, the master shall answer; but, if both ships perish, then he is discharged. But, in case of extreme necessity, passing by or at hand, he may translate the goods ; and if that ship sink or perish, he is there excused; but then it must be apparent that the ship seemed probable and sufficient.

If a master shall weigh anchor and sail after the time covenanted or time he shall refund and make good all such misfortune. Yeh obotomyarty be made, that the plaintiff shall sail from London to Lalu with the first fair wind and opportunity, &c., in consideration e pe stops they were not with the first fair wind and opportunity

, yet Nierwards retas ground and arrives at her port, the freight in this

[ocr errors]
[merged small][ocr errors][ocr errors][ocr errors][merged small][ocr errors]

case is become due; and there is nothing can debar the ship of her freight but non-departure ; for only that in law is material to avoid payment of the freight; but to say the ship did not depart with the next wind, is but a circumstance, which, in strictness of law, is not necessary to be denied.

If it be agreed, that the master shall sail from London to Leghorn in two months, and freight accordingly is agreed on, and he begin the voyage within two months, though he do not arrive at Leghorn within the time, yet the freight is become due.

The East India Company might, by charter-party, keep a ship they had freighted a long time in India, and did so keep her until she was unfit for service, and could not come home; they were obliged in chancery to pay the damage, though, by the charter-party, it was payable at the return of the ship.

If a master let out his ship, and afterwards secretly take in other goods unknown to the first freighter, by law marine he loses his freight; and, if it should so fall out that any of the freighter's goods should, for safety of the ship, be thrown overboard, the rest shall not become subject to average, but the master shall make the damage good; though, if the goods should be brought into the ship secretly and unknown to him, it is otherwise; and goods so brought in may be subject to what freight the master thinks fit.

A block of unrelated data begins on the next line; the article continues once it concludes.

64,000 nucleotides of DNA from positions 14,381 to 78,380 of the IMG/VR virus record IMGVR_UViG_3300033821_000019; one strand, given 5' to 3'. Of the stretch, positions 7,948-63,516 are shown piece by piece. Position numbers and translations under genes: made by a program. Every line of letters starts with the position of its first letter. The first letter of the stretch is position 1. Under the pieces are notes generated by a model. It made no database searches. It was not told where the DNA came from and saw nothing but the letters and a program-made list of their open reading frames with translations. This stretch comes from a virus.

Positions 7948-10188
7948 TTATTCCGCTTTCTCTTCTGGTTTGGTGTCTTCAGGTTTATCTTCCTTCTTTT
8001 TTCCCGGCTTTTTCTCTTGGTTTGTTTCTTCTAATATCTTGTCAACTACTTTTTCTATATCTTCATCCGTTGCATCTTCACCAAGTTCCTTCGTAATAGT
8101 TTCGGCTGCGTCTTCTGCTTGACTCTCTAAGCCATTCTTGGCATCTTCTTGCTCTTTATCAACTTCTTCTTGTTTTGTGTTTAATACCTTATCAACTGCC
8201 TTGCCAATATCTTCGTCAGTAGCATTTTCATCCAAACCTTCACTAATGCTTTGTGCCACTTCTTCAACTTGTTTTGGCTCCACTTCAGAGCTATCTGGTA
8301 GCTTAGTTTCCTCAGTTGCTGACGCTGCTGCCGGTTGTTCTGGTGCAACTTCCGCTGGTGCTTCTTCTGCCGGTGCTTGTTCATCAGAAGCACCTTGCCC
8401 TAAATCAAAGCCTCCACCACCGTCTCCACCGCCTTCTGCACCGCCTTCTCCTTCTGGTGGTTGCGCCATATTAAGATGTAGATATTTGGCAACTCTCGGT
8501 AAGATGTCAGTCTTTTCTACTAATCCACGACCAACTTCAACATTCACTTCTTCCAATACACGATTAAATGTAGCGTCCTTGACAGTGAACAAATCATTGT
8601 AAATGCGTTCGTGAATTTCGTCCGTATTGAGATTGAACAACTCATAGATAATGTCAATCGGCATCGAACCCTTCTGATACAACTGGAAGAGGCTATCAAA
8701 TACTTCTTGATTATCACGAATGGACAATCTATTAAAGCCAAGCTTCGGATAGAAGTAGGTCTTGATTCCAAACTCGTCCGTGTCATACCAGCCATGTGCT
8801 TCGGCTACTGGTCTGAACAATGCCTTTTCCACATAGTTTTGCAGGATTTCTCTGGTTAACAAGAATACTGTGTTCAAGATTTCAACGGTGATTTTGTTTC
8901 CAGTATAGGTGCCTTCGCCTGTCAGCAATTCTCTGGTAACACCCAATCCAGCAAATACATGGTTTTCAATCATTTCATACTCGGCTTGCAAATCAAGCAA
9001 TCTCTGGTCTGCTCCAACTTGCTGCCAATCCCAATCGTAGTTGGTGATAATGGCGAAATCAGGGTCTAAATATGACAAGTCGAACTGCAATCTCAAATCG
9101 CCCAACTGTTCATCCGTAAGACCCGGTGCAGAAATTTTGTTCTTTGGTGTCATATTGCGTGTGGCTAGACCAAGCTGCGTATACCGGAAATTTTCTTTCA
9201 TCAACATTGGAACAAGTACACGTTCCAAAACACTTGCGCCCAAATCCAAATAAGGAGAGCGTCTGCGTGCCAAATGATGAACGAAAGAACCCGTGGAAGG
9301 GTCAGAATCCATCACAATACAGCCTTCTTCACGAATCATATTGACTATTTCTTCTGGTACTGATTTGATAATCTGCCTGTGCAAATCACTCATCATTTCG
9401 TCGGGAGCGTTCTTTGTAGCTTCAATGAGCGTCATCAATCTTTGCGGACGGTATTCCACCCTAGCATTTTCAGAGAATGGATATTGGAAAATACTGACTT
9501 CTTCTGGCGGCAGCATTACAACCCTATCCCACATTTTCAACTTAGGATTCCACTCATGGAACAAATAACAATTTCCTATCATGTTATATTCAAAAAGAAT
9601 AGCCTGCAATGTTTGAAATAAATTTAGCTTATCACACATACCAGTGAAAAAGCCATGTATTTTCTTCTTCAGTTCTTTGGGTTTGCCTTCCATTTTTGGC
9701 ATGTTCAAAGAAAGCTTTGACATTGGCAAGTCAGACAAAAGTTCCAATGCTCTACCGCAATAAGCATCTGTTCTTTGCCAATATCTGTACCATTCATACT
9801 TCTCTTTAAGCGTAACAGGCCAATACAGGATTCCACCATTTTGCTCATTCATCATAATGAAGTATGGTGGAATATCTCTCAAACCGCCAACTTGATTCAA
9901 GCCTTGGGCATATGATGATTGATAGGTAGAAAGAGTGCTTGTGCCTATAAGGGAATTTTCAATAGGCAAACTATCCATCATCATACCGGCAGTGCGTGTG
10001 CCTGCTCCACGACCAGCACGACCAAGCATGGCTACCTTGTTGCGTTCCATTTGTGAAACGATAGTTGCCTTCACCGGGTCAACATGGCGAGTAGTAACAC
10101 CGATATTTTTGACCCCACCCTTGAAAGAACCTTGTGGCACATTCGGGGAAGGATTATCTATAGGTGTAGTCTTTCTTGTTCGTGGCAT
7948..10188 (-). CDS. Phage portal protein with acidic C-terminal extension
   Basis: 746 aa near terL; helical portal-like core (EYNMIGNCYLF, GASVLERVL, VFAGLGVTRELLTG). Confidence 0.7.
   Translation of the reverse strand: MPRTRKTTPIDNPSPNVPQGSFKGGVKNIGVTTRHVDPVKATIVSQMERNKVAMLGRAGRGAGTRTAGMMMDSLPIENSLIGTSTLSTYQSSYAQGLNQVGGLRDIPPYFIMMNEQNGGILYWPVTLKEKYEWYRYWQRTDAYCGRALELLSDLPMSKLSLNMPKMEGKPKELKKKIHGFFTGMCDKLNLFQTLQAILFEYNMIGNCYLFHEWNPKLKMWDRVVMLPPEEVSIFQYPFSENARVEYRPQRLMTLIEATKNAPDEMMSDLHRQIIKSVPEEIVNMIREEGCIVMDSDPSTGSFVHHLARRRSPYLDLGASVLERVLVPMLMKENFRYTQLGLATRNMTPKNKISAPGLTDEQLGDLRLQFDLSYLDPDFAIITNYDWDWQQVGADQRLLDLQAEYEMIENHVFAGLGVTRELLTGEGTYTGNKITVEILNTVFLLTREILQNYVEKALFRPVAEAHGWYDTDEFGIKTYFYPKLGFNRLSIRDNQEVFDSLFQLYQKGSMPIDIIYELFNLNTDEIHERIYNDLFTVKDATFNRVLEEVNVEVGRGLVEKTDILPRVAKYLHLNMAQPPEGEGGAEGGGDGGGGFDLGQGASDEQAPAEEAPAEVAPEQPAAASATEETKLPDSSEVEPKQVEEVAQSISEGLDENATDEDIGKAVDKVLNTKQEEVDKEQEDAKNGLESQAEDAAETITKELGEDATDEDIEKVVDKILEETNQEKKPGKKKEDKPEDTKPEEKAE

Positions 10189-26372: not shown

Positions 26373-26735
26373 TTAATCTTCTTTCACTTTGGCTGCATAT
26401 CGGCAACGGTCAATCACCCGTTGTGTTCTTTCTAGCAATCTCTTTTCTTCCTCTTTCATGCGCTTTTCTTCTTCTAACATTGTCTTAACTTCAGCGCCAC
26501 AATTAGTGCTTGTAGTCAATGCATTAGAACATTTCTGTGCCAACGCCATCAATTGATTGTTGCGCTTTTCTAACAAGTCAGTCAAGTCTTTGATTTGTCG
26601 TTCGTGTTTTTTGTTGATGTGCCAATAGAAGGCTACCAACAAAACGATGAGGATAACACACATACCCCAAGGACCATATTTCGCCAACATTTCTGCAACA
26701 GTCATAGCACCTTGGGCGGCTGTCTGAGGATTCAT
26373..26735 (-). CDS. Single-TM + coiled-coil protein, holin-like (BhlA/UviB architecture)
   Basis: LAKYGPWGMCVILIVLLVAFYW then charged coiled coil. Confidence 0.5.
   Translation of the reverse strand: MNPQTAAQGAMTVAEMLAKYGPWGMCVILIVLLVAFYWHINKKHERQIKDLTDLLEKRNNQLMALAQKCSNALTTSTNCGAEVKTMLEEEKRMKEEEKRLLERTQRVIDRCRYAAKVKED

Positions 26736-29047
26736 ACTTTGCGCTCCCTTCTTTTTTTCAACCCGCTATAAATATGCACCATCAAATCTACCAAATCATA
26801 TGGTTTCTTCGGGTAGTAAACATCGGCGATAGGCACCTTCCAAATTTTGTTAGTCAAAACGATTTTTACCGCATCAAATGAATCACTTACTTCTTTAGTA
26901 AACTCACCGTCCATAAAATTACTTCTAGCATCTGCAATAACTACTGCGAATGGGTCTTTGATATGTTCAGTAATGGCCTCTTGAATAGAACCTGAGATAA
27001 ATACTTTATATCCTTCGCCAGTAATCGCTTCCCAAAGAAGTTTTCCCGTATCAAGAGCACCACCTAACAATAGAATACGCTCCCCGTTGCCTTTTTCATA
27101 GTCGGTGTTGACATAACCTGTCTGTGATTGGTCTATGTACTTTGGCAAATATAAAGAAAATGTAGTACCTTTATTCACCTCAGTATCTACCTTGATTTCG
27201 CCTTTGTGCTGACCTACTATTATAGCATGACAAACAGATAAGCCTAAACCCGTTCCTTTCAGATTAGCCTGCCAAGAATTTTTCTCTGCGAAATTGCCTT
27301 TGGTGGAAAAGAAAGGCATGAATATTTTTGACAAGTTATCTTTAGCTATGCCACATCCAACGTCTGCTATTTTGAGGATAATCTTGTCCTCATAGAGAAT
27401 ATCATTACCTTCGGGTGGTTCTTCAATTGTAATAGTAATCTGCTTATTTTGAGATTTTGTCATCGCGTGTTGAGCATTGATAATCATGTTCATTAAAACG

When a ship puts into any other port than that she was bound to by agreement, the master shall answer all damages that shall accrue thereby; but, if she was forced in by storm, enemies, or pirates, he must afterwards proceed to that he was obliged to by contract.

If a ship iu her voyage happen to be taken by an enemy, and afterwards be retaken by another ship, in amity, and restitution be made, and she proceed on her voyage, the contract is not deter: mined, though the taking by the enemy divested the property out of: the owners; yet by the law of war, that possession was defeasible; and, being recovered in battle afterwards, the owners became reinvested: so the contract, by fiction of law, became as if she never had been taken, and the entire freigit becomes due.